JAIC 1986, Volume 25, Number 1, Article 2 (pp. 15 to 29)
JAIC online
Journal of the American Institute for Conservation
JAIC 1986, Volume 25, Number 1, Article 2 (pp. 15 to 29)

VAPOR PHASE CONSOLIDATION OF BOOKS WITH THE PARYLENE POLYMERS

Bruce J. Humphrey


ABSTRACT—In a previously published paper on the application of parylene technology to conservation1, the author proposed that parylene vapor polymerization might have applications in the consolidation of bound books which have become weakened or embrittled due to the high acid content of the paper. When applied to paper substrates, this process is irreversible. It is not known at this time whether the benefits derived from use of the material will be great enough to overcome the reluctance to use such an irreversible procedure.The princpal purpose of the present paper is to introduce to the conservation community the basic concept that weakened or brittle books may benefit by gas phase treatment with the paraxylylenes. Areas under discussion are: explanation of parylene, characteristics of the polymer, the deposition process, response of books to the application of a medium vacuum, technical problems posed by bound volumes, the gaseous diffusion phenomenon, the problem of polymer thinning, determination of dimer charge, immersion tests to determine coating efficiency, moisture content and deposition efficiency with bound volumes, tensile strength and fold endurance, and general conclusions drawn from this initial investigation into the gas phase polymerization of parylene polymers within bound books.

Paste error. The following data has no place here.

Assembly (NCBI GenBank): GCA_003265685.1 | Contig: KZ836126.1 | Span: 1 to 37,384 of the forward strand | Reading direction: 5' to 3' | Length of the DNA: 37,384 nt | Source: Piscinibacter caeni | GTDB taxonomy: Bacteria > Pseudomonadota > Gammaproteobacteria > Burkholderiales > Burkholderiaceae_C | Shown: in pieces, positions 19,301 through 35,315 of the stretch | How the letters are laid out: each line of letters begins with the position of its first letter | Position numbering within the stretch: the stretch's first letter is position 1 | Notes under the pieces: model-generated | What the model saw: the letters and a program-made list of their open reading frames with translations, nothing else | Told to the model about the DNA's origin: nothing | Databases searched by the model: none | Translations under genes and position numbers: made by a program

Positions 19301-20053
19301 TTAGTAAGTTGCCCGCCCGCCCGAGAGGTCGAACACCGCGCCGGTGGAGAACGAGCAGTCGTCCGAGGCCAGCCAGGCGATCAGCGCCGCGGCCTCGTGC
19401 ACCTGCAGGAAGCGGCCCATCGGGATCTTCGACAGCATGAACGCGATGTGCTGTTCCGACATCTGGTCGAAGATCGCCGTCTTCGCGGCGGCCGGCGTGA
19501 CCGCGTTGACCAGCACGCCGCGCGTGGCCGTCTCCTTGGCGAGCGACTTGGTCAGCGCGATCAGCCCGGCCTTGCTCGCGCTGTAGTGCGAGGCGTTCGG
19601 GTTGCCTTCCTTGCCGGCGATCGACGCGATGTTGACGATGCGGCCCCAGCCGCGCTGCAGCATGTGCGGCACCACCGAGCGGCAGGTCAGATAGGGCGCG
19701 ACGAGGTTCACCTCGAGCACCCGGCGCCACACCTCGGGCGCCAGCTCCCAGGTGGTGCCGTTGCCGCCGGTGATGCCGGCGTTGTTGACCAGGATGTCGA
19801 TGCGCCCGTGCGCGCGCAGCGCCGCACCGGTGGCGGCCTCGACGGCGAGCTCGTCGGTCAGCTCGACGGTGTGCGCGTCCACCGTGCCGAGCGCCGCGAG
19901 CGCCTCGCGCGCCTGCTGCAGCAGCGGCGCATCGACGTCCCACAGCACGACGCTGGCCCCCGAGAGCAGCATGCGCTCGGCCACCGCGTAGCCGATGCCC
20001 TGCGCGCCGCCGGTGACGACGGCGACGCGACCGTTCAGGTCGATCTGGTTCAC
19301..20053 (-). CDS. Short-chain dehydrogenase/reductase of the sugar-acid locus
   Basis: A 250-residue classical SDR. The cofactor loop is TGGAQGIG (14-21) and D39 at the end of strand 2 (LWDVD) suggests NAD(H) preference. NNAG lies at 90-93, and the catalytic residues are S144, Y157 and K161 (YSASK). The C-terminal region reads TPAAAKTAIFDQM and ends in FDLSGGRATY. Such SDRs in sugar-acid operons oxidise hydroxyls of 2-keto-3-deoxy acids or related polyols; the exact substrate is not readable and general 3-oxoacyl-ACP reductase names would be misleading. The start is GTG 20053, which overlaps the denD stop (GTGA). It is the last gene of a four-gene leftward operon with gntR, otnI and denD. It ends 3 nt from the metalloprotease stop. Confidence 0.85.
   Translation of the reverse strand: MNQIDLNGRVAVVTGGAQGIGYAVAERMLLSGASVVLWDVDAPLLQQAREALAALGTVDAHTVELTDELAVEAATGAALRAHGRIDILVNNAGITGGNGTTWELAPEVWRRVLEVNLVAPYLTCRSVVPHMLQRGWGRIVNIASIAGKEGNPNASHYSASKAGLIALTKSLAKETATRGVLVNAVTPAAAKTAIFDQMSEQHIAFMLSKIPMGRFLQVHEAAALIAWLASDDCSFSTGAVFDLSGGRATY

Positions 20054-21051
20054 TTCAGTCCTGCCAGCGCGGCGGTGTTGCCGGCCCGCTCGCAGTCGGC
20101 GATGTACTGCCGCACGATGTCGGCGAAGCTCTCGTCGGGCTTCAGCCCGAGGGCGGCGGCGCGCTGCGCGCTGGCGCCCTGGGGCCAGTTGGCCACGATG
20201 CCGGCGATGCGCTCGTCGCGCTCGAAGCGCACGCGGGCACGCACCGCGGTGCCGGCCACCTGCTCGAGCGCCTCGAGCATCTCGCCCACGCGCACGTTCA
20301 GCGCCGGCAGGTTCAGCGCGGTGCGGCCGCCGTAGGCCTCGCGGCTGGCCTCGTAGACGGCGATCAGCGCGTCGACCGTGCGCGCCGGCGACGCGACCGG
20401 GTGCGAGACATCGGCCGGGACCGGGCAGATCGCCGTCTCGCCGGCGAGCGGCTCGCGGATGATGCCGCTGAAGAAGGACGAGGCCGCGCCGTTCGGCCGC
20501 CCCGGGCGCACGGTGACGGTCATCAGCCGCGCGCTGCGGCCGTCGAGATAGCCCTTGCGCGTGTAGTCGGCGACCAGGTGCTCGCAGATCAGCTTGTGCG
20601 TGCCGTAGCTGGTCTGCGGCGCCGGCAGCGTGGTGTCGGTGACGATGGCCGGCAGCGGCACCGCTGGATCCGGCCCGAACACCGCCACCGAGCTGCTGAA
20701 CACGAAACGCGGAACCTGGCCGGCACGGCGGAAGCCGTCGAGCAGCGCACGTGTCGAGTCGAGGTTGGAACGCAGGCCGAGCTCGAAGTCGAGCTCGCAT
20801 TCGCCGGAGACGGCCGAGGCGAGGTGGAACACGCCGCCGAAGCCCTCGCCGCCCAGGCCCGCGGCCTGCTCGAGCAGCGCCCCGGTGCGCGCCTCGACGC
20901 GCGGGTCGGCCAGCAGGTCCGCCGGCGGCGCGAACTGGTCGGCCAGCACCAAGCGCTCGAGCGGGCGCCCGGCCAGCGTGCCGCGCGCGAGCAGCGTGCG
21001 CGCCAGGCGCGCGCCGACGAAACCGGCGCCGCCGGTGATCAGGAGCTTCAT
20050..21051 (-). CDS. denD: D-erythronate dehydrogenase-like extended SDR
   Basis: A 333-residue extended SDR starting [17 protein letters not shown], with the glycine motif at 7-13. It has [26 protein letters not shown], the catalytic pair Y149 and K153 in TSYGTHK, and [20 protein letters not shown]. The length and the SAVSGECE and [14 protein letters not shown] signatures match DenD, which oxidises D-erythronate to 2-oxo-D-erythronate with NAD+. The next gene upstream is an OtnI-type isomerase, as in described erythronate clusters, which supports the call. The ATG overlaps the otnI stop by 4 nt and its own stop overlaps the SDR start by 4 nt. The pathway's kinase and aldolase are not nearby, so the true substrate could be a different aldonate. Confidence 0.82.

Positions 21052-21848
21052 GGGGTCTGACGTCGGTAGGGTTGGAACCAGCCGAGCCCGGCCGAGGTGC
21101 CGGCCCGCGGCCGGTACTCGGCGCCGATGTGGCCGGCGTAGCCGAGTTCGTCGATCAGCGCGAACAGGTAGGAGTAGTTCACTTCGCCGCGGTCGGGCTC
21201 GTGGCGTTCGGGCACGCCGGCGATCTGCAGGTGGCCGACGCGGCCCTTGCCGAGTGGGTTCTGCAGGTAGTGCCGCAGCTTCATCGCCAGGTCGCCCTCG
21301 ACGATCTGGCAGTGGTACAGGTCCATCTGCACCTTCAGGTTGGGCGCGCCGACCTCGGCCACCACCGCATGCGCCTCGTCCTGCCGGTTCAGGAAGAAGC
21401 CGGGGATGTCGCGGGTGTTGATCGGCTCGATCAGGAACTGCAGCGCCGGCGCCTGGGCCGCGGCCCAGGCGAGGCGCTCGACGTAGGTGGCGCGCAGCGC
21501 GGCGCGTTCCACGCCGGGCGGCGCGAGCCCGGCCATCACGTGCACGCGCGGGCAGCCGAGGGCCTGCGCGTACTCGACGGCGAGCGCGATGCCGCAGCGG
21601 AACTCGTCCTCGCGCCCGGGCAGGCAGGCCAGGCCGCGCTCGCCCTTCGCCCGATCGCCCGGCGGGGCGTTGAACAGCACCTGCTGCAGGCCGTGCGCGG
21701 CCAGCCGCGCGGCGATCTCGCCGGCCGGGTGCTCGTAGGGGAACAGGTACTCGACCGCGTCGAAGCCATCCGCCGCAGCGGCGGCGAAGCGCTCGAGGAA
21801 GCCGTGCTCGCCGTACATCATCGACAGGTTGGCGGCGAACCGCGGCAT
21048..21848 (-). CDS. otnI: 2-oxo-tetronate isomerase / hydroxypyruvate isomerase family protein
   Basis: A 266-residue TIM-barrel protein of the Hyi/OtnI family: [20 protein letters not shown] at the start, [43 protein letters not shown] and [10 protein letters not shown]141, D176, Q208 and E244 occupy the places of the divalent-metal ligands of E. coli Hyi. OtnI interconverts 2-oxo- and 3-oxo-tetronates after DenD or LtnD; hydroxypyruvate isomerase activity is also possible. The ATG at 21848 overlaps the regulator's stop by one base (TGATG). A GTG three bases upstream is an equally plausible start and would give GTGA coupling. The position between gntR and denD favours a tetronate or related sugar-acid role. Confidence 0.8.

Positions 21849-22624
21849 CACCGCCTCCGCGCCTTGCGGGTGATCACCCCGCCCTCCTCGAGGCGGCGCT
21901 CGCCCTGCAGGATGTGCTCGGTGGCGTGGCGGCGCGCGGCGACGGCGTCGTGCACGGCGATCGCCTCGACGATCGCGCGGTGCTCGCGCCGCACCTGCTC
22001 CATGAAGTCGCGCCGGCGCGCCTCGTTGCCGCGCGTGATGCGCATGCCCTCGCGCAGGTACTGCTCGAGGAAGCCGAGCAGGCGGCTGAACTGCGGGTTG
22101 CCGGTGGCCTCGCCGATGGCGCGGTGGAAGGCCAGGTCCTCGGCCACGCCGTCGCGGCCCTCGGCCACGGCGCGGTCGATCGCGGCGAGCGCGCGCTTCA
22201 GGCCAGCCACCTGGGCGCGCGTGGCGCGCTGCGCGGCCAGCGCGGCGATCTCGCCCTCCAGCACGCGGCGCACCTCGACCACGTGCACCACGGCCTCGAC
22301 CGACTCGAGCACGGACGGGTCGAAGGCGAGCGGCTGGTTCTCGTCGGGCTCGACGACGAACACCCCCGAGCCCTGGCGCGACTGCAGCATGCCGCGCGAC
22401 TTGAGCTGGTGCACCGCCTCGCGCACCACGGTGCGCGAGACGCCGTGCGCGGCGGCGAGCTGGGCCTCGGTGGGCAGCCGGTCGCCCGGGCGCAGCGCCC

Article Sections:

1. INTRODUCTION AND BACKGROUND INFORMATION
2. SOME GENERAL CHARACTERISTICS OF THE POLYMER PHASE OF PARYLENE
3. A BRIEF EXPLANATION OF THE DEPOSITION PROCESS
4. RESPONSE OF A BOUND VOLUME TO VACUUM
5. A REVIEW OF TECHNICAL PROBLEMS POSED BY VACUUM POLYMERIZATION IN BOUND VOLUMES
6. DETERMINATION OF DIMER CHARGE
7. IMMERSION TEST
8. MOISTURE CONTENT AND DEPOSITION EFFICIENCY
9. TENSILE STRENGTH AND FOLD ENDURANCE
10. FOLD ENDURANCE
11. GENERAL CONCLUSIONS
a: References
Entire Article

Copyright 1986 American Institute of Historic and Artistic Works